From around 850 to 1300 (the “classical” period), the Jews living in the Muslim world produced a substantial, richly diverse corpus of literature in Judeo-Arabic (Arabic texts composed by Jewish authors, usually written in Hebrew characters). This literature covered a broad range of topics and was written in a variety of genres, including commentaries on Bible and rabbinic literature; Biblical philology and lexicography; legal monographs, codes, and responsa; philosophical and theological works; Sufi pietistic manuals; polemical works and heresiography; even belle-lettres; only poetry was written primarily in Hebrew. There survives, also, a large collection of occasional letters and other documents from the Cairo Genizah.
This corpus of Judeo-Arabic literature and documents has been the subject of scholarly research ever since the nineteenth century. Some of the classic texts were published then, including some in Arabic characters with European language translations. The discovery of the Genizah gave new life to the study of the Jews in the Muslim world, especially in social and economic history (culminating in Goitein’s five-volume A Mediterranean Society) and in linguistics (with the foundational work of Joshua Blau). The Society for Judaeo-Arabic Studies, Makhon Ben Zvi in Jerusalem, and the Friedberg Genizah Project, among others, have contributed to the growth of the field. The opening of the Firkovitch collections in St. Petersburg some twenty years ago reinvigorated the field once again with renewed interest in Karaite texts. Indeed, thousands of manuscripts are now available to scholars from these collections—though many are still unidentified or properly catalogued—creating new entrées into the medieval Judeo-Arabic intellectual world.
The goal of the Library of Judeo-Arabic Literature is to create a substantial and representative library of these texts from all areas and genres. The aim is to publish (1) previously unpublished texts; (2) texts which have already appeared in the original but never in English translation; and (3) classic works which are in need of new editions and/or translations. The texts will be published with facing English translation, introduction, full annotation, and glossary. In cases where there has never been a scholarly edition of the Judeo-Arabic text, one will be created and paired with the English translation. A transcription into Arabic characters will also be provided in order to assure the widest possible scholarly access to the text. Where the Judeo-Arabic version has already been adequately published, priority will be given to pairing an Arabic letters transcription with the English translation. Each title will appear under the Brigham Young University Press imprint and will be distributed worldwide by the University of Chicago Press.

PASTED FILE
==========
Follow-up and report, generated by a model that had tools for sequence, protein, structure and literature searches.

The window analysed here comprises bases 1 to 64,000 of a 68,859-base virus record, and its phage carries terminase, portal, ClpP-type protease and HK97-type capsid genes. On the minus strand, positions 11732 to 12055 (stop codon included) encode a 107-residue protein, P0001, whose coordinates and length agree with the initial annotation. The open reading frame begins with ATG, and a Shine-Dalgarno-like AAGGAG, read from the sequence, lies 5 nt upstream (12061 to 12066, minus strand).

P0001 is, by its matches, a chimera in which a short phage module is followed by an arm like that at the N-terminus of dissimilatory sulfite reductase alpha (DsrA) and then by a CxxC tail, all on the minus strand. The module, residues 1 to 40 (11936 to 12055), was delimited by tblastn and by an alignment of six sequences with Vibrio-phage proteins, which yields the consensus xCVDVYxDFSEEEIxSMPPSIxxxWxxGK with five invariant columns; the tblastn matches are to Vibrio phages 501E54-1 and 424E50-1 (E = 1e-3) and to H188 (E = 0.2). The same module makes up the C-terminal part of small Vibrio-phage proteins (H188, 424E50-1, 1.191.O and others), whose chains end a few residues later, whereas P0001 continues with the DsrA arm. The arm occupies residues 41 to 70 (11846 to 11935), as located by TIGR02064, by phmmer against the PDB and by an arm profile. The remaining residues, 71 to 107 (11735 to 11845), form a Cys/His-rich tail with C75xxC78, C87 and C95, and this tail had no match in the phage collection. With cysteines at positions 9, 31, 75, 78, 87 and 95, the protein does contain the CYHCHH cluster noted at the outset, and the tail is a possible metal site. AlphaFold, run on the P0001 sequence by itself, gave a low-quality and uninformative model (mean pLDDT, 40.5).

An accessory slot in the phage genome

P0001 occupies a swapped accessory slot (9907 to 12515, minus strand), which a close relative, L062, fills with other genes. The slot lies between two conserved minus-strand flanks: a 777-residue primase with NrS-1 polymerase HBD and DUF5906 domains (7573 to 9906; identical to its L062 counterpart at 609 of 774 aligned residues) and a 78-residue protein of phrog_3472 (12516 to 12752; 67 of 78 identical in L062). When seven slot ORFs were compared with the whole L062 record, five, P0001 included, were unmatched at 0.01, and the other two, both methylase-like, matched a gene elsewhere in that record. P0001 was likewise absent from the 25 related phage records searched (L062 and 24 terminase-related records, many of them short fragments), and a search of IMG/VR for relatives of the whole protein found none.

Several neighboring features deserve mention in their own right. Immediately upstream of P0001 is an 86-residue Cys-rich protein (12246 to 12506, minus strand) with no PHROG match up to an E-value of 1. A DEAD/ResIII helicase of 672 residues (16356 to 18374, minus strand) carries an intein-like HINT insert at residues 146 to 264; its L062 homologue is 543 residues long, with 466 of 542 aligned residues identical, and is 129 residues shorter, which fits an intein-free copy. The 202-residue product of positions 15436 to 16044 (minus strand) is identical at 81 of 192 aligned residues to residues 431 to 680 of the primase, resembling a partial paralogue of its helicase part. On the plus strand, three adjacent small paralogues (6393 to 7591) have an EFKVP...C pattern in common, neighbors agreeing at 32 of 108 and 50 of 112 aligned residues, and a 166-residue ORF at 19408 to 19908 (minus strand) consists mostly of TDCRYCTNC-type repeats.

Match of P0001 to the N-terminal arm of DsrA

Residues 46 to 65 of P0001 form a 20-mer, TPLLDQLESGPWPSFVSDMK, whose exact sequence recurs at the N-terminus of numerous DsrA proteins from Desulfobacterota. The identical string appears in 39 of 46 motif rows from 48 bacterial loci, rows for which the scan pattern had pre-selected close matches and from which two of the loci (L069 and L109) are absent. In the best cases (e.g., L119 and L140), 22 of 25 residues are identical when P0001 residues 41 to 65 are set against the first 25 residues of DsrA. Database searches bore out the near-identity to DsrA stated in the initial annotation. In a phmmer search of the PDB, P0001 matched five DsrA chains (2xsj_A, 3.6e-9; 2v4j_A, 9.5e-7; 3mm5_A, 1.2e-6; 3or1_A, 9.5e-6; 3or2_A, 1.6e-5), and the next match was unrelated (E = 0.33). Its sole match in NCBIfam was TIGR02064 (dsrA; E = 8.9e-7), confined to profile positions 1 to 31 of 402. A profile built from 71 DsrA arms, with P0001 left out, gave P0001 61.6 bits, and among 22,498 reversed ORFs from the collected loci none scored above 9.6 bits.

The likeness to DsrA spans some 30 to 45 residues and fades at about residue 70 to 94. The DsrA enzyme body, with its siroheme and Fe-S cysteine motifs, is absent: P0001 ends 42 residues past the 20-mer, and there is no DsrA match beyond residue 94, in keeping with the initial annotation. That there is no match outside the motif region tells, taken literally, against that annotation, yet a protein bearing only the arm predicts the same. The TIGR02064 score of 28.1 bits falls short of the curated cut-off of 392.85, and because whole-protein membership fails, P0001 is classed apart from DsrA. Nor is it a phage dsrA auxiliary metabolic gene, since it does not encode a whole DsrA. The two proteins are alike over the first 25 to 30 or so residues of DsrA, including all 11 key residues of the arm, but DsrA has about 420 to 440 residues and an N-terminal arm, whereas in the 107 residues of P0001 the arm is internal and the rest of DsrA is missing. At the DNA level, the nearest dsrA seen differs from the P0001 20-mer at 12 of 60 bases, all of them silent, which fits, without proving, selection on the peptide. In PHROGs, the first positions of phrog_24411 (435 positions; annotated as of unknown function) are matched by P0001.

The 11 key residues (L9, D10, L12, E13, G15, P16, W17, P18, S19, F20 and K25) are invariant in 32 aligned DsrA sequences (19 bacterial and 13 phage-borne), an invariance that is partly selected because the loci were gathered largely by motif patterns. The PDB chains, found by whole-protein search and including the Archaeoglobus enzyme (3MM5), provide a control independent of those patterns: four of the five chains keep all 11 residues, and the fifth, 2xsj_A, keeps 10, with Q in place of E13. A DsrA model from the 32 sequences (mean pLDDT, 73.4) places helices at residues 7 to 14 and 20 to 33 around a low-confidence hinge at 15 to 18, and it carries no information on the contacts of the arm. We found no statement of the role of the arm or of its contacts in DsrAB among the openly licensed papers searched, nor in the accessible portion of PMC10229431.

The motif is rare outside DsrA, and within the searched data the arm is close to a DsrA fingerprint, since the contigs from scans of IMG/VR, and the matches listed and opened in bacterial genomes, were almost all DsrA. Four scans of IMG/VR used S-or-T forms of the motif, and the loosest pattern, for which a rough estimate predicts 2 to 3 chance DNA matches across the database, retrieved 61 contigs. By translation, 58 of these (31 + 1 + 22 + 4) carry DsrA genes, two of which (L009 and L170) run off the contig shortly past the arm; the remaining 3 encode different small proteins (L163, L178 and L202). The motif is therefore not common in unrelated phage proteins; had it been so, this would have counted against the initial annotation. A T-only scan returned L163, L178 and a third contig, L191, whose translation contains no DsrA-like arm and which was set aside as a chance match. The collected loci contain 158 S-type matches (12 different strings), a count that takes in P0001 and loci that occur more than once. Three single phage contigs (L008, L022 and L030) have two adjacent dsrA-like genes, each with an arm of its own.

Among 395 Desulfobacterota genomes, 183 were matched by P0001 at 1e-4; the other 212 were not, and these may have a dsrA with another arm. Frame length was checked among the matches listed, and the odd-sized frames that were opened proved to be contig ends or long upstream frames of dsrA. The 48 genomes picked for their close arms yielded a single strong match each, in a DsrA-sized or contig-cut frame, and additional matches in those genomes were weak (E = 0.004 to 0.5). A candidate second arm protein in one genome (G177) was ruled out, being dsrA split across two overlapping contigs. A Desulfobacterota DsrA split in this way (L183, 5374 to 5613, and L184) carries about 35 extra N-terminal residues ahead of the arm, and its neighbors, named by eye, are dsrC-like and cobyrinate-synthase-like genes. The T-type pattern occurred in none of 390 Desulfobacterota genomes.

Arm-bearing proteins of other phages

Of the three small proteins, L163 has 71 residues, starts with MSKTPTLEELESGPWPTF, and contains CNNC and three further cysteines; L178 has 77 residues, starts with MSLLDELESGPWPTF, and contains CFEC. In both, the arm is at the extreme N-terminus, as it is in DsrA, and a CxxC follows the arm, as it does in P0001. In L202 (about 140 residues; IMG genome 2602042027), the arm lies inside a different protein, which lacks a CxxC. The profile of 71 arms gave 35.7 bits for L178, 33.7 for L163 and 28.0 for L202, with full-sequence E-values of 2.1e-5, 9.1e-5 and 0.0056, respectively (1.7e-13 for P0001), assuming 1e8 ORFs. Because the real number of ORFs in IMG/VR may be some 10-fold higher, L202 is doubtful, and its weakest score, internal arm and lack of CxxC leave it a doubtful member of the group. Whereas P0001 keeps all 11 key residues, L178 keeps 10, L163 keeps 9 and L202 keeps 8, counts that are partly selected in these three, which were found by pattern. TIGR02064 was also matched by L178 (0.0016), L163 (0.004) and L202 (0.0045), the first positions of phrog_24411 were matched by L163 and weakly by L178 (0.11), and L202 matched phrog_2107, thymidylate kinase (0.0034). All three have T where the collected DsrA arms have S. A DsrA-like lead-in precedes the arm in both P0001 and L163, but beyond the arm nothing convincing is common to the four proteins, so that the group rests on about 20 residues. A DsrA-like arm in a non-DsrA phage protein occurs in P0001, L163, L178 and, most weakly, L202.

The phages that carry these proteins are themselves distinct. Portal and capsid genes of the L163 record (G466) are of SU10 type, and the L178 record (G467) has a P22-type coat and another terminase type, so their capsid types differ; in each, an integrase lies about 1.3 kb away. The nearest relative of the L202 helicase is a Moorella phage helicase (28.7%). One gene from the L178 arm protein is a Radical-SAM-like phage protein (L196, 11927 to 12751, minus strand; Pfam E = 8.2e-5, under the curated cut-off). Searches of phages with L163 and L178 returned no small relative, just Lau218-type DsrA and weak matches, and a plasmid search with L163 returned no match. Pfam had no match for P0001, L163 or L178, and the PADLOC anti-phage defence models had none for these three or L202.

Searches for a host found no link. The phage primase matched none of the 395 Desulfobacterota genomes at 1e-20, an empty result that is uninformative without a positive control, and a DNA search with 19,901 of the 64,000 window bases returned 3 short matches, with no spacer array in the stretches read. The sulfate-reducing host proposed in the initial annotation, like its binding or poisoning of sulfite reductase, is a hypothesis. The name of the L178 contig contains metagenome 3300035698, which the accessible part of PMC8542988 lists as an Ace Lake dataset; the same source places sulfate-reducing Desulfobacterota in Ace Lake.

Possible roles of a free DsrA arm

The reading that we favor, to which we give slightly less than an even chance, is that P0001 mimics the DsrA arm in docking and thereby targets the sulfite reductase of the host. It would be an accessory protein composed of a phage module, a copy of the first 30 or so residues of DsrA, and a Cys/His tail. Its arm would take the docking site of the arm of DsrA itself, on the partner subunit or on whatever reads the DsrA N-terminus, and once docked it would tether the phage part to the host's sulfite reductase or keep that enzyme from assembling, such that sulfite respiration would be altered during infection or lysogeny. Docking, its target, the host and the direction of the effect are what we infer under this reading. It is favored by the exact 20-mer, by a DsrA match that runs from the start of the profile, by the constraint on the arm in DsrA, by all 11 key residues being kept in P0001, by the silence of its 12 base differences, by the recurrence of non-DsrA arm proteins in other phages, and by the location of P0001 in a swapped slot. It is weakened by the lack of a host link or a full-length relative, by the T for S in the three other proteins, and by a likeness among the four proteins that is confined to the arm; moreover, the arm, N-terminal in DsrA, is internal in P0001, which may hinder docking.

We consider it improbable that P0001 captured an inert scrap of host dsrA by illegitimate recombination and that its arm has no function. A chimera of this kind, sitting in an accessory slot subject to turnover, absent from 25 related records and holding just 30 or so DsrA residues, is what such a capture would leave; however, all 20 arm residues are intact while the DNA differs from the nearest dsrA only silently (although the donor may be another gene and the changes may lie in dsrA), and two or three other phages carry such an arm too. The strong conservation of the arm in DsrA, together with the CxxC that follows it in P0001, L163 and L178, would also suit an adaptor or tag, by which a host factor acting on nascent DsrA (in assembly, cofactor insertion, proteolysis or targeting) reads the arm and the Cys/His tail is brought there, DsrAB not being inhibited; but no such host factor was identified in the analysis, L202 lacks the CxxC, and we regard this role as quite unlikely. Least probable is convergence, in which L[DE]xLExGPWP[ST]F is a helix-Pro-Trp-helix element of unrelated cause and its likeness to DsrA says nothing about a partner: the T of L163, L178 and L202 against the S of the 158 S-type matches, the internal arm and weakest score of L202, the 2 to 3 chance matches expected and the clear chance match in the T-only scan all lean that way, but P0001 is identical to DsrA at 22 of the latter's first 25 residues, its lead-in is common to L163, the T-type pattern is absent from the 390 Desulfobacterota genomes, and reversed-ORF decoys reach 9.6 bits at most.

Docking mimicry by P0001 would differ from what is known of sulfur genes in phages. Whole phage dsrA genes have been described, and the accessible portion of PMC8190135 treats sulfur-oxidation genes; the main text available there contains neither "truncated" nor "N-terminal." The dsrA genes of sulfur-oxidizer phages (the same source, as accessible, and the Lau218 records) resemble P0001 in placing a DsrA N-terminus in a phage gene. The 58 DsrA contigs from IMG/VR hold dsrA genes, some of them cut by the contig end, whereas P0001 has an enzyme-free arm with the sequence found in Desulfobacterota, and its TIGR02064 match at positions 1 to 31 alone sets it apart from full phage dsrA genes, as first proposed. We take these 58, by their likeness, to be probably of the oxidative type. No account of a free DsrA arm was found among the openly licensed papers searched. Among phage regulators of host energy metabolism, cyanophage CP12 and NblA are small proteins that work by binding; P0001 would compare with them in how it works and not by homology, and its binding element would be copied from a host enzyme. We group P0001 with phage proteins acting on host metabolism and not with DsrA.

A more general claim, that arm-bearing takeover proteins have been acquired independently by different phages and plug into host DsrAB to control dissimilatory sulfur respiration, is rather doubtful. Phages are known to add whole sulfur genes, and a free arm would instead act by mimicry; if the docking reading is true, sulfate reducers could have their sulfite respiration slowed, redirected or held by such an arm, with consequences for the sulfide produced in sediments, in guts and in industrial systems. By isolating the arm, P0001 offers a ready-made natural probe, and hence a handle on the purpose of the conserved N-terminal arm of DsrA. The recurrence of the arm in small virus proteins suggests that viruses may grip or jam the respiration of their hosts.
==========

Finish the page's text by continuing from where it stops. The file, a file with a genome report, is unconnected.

It is anticipated that the first volume will appear in the fall of 2015.
Preliminary List of Titles in Development
Moses Maimonides, Guide of the Perplexed (ed. James Robinson, trans. Shlomo Pines)
Dawud al-Muqammas, Twenty Chapters (ed. and trans. Sarah Stroumsa)
Saadia Gaon, Commentary on the Book of Creation
Yefet b. ‘Eli, Commentary on the Book of Ruth
Anthology of polemical texts
Anonymous “Meanings of the Soul”